Explain Callback Like I'm Five

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Callbacks are friends we send along inside functions to help accomplish additional tasks.

I'm going to send you to the store with money to get groceries. But I need to know how you're doing at the store. So I'm also going to send your friend, and he'll call back home and let me know how things are going. I might even ask him to do other things for me, like drive you home with the groceries.


function getGroceries(shoppingList, friend) {

    this.purchase(shoppingList)

    if(friend)
    {
        friend(this.purchase)
    }

    return this.purchase

}

function friend(purchase) {
    console.log(`Hey mom, we bought everything. Here's the reciept`)
    console.log(purchase)
}

const shoppingList = [ 'apples', 'carrots', 'chips' ]

getGroceries(shoppingList, friend)

Sometimes, you need friends to do certain things, like setting a timeout (as exhibited by @nestedsoftware ). That's a 2-person job, someone to set the time and someone to actually do something.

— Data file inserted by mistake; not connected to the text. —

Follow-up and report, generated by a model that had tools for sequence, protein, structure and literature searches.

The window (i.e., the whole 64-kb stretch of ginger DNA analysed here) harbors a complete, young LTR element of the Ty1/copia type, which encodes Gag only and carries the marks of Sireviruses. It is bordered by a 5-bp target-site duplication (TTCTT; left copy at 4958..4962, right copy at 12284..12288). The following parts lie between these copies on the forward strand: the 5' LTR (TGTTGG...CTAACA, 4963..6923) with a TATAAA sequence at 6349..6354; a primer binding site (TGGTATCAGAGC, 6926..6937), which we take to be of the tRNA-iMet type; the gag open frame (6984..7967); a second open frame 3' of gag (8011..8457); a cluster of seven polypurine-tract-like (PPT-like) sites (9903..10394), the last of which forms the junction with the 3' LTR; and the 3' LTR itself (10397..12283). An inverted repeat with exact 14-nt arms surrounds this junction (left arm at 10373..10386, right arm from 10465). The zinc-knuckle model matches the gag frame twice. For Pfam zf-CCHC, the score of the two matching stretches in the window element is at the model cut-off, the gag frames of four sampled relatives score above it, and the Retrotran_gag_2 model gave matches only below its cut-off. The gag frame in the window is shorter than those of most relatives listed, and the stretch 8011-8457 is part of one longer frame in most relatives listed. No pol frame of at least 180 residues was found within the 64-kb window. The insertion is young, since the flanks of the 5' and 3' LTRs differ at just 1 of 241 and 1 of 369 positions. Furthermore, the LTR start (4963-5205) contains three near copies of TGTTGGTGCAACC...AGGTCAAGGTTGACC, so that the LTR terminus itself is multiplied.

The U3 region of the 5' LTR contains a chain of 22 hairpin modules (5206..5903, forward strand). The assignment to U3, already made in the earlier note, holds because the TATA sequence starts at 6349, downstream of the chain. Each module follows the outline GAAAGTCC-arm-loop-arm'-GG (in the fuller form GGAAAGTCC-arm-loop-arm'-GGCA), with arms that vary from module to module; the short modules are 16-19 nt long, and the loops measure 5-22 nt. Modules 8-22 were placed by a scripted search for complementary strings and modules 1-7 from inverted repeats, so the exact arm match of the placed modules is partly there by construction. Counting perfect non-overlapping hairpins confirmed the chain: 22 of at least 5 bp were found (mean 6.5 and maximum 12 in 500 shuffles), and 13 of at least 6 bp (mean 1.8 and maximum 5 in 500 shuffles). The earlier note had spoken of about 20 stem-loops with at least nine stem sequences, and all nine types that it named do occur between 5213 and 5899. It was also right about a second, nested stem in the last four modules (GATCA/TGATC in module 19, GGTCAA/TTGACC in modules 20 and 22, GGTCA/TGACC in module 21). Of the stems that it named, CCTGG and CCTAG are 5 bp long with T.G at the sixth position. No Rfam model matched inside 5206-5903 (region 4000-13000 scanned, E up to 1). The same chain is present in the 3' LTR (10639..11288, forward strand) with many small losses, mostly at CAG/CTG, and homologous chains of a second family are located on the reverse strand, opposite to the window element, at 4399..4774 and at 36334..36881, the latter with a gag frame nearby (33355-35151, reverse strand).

A callback is a function that you pass in as a variable to another function. A typical example in JavaScript is the setTimeout function. If you want something to execute after a delay, you can pass it as a callback to setTimeout.

function sayHello() {
    console.log('Hello there!');
}

setTimeout(sayHello, 1000);

setTimeout will wait 1 second (1000 milliseconds) and then it will actually call sayHello. The result is that "Hello there!" will get printed to the console after one second.

Because it takes a function as an argument, setTimeout is called a "higher order function."

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